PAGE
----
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enter image description hereUsing the following

SELECT * 
FROM dbo.GRSM_WETLAND_POLY    
CROSS APPLY (SELECT TOP 1 Name, shape     
             FROM GRSM.dbo.GRSM_Trails --WITH(index(S319_idx))    
             WHERE GRSM_Trails.Shape.STDistance(dbo.GRSM_WETLAND_POLY.Shape) IS NOT NULL     
            ORDER BY GRSM_Trails.Shape.STDistance(dbo.GRSM_WETLAND_POLY.Shape) ASC) fnc

runs very slow on 134 rows (56 seconds), however, with the index hint uncommented, it returns

Msg 8635, Level 16, State 4, Line 3
The query processor could not produce a query plan for a query with a spatial index hint. Reason: Spatial indexes do not support the comparator supplied in the predicate. Try removing the index hints or removing SET FORCEPLAN.

Execution plan shows the filter cost at 98%, it's querying against 1400 rows in the other table, so the total cost is 134 * 1400 individual seeks, which is where the delay is. On their own, the spatial indexes in each table perform great, with no fragmentation, 99% page fulness, and use medium for all 4 grid levels with 16 cells per object. Changing the spatial index properties on either table had no effect on performance.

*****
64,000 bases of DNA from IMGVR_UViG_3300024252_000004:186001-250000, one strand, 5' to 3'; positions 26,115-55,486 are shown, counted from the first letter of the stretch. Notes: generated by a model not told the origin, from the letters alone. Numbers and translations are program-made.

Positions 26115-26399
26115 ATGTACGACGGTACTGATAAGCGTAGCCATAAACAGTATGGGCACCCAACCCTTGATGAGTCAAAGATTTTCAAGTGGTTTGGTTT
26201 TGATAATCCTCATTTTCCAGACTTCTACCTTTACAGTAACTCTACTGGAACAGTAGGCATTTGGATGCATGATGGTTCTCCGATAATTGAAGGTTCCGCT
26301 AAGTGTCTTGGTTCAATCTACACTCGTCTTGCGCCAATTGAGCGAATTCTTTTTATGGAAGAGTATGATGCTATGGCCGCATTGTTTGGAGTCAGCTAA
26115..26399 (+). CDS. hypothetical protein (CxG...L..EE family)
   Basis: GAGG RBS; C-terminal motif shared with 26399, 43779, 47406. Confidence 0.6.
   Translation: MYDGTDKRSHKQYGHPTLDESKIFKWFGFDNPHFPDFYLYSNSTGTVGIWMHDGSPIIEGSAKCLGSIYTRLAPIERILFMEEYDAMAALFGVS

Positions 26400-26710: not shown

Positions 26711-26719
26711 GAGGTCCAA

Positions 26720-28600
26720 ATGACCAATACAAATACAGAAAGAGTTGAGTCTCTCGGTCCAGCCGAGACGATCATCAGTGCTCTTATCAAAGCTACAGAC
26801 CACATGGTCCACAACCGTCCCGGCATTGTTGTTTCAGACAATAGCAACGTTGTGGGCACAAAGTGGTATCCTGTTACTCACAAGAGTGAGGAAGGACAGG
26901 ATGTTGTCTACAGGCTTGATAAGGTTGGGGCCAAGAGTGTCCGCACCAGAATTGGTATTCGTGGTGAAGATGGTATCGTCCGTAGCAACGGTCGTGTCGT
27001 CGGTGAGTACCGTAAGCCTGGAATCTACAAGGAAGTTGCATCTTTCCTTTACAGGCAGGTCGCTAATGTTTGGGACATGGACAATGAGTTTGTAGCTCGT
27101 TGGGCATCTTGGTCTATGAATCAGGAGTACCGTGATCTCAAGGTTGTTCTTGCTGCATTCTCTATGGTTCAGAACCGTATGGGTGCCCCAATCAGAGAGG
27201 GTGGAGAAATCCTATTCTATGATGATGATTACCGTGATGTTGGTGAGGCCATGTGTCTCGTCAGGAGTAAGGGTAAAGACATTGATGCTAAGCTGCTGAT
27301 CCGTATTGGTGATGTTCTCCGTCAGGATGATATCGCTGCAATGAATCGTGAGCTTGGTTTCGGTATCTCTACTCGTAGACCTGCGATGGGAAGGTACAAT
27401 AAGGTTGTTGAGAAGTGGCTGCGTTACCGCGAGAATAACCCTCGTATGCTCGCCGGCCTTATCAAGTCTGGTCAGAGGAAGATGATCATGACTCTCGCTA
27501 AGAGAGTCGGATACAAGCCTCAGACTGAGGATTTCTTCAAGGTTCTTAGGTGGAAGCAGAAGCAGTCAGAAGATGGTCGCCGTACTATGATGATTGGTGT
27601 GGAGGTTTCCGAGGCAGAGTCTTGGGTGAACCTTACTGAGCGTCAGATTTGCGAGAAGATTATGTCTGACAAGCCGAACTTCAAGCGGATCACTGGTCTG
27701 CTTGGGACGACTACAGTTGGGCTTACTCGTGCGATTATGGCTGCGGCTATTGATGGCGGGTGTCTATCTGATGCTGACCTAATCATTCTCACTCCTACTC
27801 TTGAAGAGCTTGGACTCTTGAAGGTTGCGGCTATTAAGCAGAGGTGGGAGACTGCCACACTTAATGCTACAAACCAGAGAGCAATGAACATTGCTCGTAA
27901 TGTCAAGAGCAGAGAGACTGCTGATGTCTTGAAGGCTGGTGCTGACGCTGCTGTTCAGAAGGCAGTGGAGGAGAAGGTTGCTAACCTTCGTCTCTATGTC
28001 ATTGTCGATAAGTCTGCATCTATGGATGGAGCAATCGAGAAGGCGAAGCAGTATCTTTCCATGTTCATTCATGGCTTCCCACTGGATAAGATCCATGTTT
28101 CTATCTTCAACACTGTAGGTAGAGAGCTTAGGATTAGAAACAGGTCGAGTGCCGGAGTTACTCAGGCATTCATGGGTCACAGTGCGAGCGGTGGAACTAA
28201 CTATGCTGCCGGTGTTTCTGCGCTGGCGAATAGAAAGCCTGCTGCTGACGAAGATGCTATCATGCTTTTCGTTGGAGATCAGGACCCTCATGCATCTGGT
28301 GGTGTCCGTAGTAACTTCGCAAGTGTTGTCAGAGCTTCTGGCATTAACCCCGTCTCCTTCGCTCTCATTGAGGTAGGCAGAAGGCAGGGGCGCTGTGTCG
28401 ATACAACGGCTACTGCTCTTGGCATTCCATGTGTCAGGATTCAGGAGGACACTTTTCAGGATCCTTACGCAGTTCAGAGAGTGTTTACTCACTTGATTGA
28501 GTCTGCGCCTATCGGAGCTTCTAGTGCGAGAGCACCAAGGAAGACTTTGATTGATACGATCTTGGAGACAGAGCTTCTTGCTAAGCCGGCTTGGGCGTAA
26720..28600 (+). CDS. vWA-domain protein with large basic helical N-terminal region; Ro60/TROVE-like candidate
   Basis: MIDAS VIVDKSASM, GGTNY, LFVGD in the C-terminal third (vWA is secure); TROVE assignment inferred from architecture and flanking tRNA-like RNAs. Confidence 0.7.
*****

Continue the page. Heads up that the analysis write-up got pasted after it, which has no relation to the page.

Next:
Documentation suggests that spatial index hints can only be used in queries in SQL Server 2012, but surely there's a work around for this?

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1 Answer 1

Main question would be why are you forcing the the hint? If SQL Server didn't choose the index on the plan it generated, forcing another plan will almost always result in decreased performance.

What you should do is analyse each node of the resulting execution plan to see where is the bottle neck that is taking so long. If you post a print screen maybe we can help

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I added a screen shot. As posted, forcing a hint doesn't work, and the generated plan shows the bottle neck pretty much limited to the filter, which I can't seem to get around. –  tpcolson May 8 '12 at 0:11

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